I first met Andrew in a Skype conference call to talk about the possibility of doing a traveling exhibition of photography about the world that Andrea, a good friend of mine, had in mind. The project never came together, but Andrew and Andrea did, and now they’re married with two beautiful children.
Andrew’s a photojournalist, with a great eye for composition, the skill to make people comfortable, and an ability to turn from the primary job at hand to make beautiful art photos. He shoots sports, protests, and all manner of photo essays with clarity and sensitivity. I once had the chance to watch him edit a photo shoot, and his speed at keywording, captioning, and deleting useless images blew my mind. Especially the keywording and captioning, because that takes me forever.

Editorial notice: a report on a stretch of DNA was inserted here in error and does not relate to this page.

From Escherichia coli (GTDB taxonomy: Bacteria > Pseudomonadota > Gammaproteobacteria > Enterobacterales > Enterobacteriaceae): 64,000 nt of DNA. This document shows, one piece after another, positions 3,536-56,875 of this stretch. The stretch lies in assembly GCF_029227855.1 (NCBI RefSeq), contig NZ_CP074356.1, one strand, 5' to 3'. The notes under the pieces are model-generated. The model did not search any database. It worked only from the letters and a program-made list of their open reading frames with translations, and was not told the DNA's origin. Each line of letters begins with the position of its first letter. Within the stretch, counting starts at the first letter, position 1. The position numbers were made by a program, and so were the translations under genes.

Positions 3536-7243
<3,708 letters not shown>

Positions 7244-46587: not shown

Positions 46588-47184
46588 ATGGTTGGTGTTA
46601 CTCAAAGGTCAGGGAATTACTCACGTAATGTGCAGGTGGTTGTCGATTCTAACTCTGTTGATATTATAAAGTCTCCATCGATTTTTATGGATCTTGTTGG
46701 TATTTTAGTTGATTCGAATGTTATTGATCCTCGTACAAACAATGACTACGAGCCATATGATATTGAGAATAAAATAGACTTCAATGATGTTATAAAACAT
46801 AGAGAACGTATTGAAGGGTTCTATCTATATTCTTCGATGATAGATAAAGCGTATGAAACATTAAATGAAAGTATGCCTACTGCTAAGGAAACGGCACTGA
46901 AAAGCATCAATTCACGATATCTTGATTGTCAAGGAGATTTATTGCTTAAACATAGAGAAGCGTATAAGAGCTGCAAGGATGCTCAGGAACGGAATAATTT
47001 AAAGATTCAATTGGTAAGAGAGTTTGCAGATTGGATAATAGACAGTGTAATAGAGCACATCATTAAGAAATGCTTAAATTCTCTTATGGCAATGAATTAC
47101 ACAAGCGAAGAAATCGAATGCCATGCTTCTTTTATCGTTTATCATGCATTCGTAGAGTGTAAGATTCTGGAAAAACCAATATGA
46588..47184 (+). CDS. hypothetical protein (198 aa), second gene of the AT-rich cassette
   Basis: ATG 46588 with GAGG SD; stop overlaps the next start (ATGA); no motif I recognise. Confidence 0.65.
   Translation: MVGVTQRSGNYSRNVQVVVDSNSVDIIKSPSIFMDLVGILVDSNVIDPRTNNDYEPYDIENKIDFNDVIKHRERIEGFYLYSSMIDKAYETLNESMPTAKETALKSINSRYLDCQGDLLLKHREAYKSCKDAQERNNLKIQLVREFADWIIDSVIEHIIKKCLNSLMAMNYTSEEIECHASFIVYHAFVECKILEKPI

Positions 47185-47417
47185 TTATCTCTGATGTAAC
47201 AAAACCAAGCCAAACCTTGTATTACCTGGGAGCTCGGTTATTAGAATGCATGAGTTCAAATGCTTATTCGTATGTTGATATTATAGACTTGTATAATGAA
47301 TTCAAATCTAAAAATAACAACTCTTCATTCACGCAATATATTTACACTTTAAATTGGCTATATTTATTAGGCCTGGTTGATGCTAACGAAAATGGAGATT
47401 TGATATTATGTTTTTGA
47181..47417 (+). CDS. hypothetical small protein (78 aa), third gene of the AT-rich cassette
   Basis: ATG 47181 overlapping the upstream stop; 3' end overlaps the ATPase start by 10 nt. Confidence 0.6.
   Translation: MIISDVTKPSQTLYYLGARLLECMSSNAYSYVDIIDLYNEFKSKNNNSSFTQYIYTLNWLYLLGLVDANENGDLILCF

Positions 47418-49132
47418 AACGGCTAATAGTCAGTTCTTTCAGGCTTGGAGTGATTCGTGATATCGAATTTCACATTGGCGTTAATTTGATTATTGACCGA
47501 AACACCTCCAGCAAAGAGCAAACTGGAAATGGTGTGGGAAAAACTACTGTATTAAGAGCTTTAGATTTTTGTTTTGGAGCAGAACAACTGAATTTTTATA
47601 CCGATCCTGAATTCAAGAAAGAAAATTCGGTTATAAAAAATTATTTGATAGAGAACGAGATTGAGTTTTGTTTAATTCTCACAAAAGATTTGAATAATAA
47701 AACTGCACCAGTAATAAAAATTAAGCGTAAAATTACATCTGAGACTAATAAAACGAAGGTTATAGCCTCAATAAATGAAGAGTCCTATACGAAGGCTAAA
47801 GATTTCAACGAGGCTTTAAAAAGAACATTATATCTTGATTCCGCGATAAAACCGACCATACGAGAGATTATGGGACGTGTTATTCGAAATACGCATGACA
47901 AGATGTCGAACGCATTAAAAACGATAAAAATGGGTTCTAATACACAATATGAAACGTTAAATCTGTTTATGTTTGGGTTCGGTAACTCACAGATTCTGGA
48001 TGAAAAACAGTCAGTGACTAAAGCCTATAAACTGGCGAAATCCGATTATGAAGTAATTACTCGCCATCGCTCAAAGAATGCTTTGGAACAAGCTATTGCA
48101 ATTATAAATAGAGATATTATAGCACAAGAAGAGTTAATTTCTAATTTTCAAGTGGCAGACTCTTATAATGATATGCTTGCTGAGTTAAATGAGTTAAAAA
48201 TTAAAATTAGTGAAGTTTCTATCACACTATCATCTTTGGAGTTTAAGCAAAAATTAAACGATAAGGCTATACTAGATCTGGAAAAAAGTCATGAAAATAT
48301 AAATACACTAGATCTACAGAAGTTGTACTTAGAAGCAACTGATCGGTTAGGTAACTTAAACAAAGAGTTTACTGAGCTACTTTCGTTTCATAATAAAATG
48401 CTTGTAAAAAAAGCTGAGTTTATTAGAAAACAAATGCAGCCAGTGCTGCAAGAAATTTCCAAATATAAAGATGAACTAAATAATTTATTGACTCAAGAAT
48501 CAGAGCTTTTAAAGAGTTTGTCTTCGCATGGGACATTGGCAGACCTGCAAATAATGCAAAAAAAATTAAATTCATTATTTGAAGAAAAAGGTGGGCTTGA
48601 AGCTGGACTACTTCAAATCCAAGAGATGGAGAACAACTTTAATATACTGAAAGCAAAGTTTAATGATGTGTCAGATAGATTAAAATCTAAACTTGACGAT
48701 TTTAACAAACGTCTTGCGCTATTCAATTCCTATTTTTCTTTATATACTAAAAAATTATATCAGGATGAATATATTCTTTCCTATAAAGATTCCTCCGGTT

His photo of the Taj Mahal rivals my own for my favorite of that iconic site. Shooting across Agra gives you a great sense of its place in the city, and the smog lends a painterly quality to the mausoleum. It almost looks like a painted backdrop for a movie set.
I’m frankly afraid of protest photography, but Andrew seems to love it (he just lost a lens this weekend covering a protest!). I would love not to be, but I’ve been arrested/kidnaped by Cossacks, threatened with arrest by various military and police organizations, and sternly talked to by a Hell’s Angel just for my regular sort of city scenics. In a protest situation, I’d probably get beaten up, pepper-sprayed, rubber-bulleted, or worse, by both sides. Andrew, though, appears to have no fear. I admire that. When you go to http://www.acrphotographer.com/, be sure to look for his protest portfolio. Also, check out his collection at Getty Images.